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Unusual Tenants

Washington DC Retail

In the 1980s, everything was big, from hair to retail tenants. But today, bangs are tamed and the once-10k SF tenant is now taking only 5,000 SF, says De Rito Partners president of development Chuck Carlise. So how do you fill a 1.1M SF power center from that era?


Chuck's firm owns the The Pavilions at Talking Stick in Scottsdale. (He's pictured, left, with CEO Marty De Rito, president of brokerage Stan Sanchez, and COO Iver Bowden). He says you have to go for tenants—and not necessarily traditional retailers—that'll help visitors stick around. For one, it placed the K-12 Great Hearts Academy campus, serving 1,200 students, in 80k SF that used to house a Fiddlesticks and Chuck E Cheese. “It’s not a bused school, so parents can drop the children off in the morning and then perhaps go to Target or one of the restaurants,” Chuck says. The school will open in August.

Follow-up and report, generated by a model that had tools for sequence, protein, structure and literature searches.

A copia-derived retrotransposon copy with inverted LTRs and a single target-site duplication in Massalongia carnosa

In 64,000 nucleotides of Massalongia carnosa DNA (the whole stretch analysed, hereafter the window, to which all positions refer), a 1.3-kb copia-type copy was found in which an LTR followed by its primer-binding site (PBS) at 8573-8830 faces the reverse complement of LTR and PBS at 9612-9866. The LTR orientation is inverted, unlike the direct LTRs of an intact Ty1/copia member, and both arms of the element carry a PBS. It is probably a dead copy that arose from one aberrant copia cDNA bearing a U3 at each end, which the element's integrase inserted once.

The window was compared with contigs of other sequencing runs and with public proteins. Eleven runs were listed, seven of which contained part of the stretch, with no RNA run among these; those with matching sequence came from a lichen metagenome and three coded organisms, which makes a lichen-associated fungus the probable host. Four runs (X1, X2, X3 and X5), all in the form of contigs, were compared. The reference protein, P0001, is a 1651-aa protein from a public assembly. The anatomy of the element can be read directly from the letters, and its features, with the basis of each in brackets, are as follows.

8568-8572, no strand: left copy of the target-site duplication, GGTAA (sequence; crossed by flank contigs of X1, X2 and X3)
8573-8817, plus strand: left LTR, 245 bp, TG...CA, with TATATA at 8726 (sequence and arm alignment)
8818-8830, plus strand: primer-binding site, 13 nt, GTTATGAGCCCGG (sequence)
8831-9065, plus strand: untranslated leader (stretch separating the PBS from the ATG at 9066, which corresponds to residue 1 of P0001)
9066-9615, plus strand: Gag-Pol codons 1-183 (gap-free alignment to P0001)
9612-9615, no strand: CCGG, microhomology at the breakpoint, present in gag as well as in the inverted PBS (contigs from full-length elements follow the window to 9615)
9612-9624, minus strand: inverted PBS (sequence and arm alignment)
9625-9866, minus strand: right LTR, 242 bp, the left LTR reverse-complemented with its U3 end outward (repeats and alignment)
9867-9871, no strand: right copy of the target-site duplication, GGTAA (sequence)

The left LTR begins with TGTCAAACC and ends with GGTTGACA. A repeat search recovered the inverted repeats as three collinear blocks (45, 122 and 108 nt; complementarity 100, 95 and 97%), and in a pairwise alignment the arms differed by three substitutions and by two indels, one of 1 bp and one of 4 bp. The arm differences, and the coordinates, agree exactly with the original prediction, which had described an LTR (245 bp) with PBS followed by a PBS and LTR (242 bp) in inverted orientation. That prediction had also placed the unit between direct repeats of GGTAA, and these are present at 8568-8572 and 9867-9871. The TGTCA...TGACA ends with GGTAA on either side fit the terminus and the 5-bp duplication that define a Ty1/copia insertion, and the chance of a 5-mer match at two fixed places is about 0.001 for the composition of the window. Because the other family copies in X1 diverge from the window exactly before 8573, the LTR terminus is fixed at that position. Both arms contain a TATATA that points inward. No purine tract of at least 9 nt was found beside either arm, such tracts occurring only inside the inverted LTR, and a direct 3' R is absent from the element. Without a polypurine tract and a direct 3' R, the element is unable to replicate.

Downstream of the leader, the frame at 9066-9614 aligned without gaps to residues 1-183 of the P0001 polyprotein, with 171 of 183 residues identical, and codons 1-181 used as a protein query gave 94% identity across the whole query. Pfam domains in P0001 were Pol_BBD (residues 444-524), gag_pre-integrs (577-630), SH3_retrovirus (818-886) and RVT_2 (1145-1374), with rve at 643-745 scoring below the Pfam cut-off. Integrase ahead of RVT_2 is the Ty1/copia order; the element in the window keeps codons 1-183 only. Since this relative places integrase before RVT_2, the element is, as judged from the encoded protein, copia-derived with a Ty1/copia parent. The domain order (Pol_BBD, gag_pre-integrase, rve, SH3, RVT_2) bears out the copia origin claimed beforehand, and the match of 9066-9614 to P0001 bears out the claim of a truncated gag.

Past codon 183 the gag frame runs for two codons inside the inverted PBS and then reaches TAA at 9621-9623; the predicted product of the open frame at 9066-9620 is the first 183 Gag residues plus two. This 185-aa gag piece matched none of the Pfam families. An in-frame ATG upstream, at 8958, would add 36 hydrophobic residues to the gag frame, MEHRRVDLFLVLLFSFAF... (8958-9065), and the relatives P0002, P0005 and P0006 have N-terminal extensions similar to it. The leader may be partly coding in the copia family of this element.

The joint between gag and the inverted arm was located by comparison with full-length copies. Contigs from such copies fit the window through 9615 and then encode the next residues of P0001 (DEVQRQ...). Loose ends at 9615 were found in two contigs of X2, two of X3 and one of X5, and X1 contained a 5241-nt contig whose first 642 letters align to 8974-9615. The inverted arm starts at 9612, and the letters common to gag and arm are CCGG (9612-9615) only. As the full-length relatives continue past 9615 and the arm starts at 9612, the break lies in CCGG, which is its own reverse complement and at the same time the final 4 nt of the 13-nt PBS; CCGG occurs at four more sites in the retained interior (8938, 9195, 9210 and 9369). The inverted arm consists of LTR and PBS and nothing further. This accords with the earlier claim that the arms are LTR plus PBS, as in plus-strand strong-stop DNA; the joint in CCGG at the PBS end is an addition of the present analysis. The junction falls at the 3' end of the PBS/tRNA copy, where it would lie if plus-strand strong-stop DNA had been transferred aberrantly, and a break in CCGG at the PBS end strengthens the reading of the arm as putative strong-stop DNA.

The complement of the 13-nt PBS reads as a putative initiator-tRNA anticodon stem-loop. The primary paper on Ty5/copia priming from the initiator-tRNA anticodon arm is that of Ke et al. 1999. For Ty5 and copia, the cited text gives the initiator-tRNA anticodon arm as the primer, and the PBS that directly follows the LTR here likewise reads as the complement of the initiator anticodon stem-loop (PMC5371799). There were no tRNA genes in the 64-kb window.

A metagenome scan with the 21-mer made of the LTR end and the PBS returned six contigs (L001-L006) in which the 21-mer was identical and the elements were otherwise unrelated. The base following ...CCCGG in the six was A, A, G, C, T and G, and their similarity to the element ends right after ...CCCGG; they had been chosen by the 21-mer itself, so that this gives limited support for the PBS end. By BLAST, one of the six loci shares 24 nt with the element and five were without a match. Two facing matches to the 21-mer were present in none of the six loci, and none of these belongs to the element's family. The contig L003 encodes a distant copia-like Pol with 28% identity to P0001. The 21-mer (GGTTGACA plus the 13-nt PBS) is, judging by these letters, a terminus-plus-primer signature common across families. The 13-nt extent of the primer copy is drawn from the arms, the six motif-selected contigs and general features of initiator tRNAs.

Another non-traditional tenant: Octane Raceway, a one-third mile indoor and outdoor racetrack that occupies 45k SF at The Pavilions. The wait list to race is often three to four hours long, Chuck says, which means visitors are going to walk around other areas of the power center as they wait their turns. Fitness centers are also gaining steam. (We suggest the health nuts run around the racetrack, chased by cars. Two birds with one stone.) “We have to be reactionaries, and that means never saying no,” Chuck says. “Anyone can be a potential customer.” Entertainment, gyms, and restaurants tenants also aren't as impacted by the Internet as is a Sears.


The Pavilions is 86% occupied, and Chuck says there’s 150k SF out to market, including a 32k SF block and two 20k SF blocks. He’s been speaking to the gamut of potential tenants, from fabric stores to trampoline centers.